AFC Wimbledon chief executive insists club needs new stadium to accomodate fans


Erik Samuelson is optimistic about a move to Plough Lane.


By Sarah Ward

AFC Wimbledon may have beaten Burton Albion 3-1 at the weekend, but they are facing challenges off the pitch, as the tussle for Wimbledon Greyhound Stadium continues.   

The League Two club formed in 2002 with no team, no players or manager, but a lot of dedicated football fans, abandoned by the Dons move to Milton Keynes. Erik Samuelson, the CEO, said it has outgrown its Kingsmeadow stadium.  

“At the moment we’re constrained by the size of the ground. 4,100 come for the average game, which is good for the league we’re in. The stadium’s effective capacity is 4,850 but we have to give opposition fans space for 550, even if they only bring 100. We could sell more tickets to our fans but we can’t because of that.” 

The proposal for the new Plough Lane stadium focuses on the idea that it would be ‘expandable.’ Mr Samuelson anticipates that with the move to a larger stadium, the club would grow too, a common trend which has seen an average attendance growth of 55% in new stadiums.

“It would start small and grow as the club gets better and rises through the leagues as we expect it will. It would be premature to build it too big, so the stadium only looks half full,” he said.

‘Big,’ would mean capable of housing 22,000 fans, an ambitious estimate; but it would start with space for 11,000. 

“We don’t have a lot of space for entertaining young children in our current stadium, and that’s one of the reasons why we need to move,” Mr Samuelson said. 

His two-and-a-half year old granddaughter attended Saturday’s match against Burton Albion.

The family-friendly nature of the club is something Mr Samuelson is clearly proud of, recalling the story of a child whose season ticket was bought whilst they were in utero.  

“At first I wasn’t sure, but then I thought, ‘Why not?’ The child’s five or six now and still comes.” 

The cost of a match day entry ticket for under-18s recently doubled, to vocal protests, and now costs £4. Keeping football affordable has been one of the club’s priorities, as has keeping it representative of the wants and needs of local football enthusiasts.  

All strategic decisions are made by shareholder fans—a £25 investment for one share, buys one vote—enabling them to elect the board of The Dons Trust (which owns the football club), who in turn appoint the football club’s board, an entirely democratic process. 

Whilst major league football exists in a bubble of tabloid scandals and unimaginable pay-cheques, AFC Wimbledon takes a more socially responsible attitude, and not just for photo-shoots. 

The club is involved with local charities, most recently Street League, which helps young people who are no longer in education and struggling to get jobs. Certificates were awarded at Saturday’s match to graduates of this scheme.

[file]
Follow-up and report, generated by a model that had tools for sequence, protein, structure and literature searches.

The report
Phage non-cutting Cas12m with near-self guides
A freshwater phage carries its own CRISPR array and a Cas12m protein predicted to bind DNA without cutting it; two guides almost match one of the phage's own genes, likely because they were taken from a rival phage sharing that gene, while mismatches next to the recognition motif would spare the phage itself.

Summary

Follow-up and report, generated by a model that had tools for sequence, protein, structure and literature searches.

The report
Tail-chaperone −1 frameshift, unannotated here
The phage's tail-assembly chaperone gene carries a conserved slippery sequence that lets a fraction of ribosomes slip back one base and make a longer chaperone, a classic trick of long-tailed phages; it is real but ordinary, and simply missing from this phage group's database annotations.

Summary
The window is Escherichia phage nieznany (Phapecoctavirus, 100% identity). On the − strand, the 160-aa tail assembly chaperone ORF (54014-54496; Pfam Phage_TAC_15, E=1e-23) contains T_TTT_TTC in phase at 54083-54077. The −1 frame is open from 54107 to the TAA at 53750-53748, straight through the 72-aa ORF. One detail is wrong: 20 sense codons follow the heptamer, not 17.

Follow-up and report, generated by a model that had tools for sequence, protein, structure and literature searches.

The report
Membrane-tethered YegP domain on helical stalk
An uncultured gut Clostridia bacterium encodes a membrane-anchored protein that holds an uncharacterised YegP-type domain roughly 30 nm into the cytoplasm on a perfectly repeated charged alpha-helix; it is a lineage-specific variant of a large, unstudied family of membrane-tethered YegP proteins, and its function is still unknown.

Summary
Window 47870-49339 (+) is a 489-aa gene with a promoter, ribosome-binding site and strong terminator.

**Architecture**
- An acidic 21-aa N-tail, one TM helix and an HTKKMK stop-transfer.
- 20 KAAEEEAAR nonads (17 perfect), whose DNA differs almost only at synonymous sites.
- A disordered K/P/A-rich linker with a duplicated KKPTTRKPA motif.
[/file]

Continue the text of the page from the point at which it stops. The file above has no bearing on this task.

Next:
“We entice young people to come by offering them the chance to play football, but if they want to continue they have to do education,” Mr Samuelson said. 

The goal is to help them into employment. Mr Samuelson and Neal Ardley, the club’s manager, have been putting the participants through their paces in a series of mock job interviews. 

“This kind of work will continue if AFC Wimbledon moves to Plough Lane. We want to increase our involvement in the community,” Mr Samuelson said.  

He cleared up misconceptions about the proposal for the new stadium, which has not yet become a planning application. Merton Council has identified the land as suitable for development, which AFC Wimbledon proposes would be used for “sports intensification” in the borough. 

In a joint bid with Galliard Homes, who co-own the site, the plans include constructing 600 homes in the area, as well as space for businesses and conference facilities within the stadium.  

The three main sources of funding for the proposal will be selling the naming rights of the stadium; a share issue for fans, on which investors would get tax relief; and enabling development. 

Mr Samuelson, who lives within walking distance of the stadium, laughed off comments made by Paschal Taggart that the area was ‘dreadful’. 

“I wouldn’t describe it as dreadful,” he said. “It’s generally true that where you build a new football stadium, development blossoms around it. Other developments spring up around it and it’s good for the community.” 

Fears about congested roads, expressed by local residents of Wimbledon Park who have compiled a dossier explaining their opposition to the plan, were explained away by Mr Samuelson. 

“There are three rail stations within walking distance: Tooting Broadway, Earlsfield, and Haydon’s Road. It’s a good thing that transport venues aren’t too close to the stadium because we want the crowd to disperse as people leave, and the ten minute walk will help that. We want to encourage the use of public transport to minimise traffic.” 

AFC Wimbledon are now in competition for use of the stadium with Taggart’s support group, ‘We Want Wimbledon’. They claim the stadium should remain London’s last bastion of greyhound racing, a sport that Mr Samuelson says he has enjoyed at Plough Lane. The group have accumulated over 4,000 signatures to present to Merton Council. 

Mr Samuelson said AFC Wimbledon would not be orchestrating a similar petition to convince the council of their case. 

“If the fans want to put a petition together they should, but it’s not something that the club should do. It has more impact if the fans do it themselves. 

We’ve got very well organised and sophisticated fans, who if they do organise something, will do it very well.” 

As the next stage of the bid begins, AFC Wimbledon’s fans will be impatient to hear whether the club will be returning to its home turf. 

Photo courtesy of sarflondondunc, with thanks.

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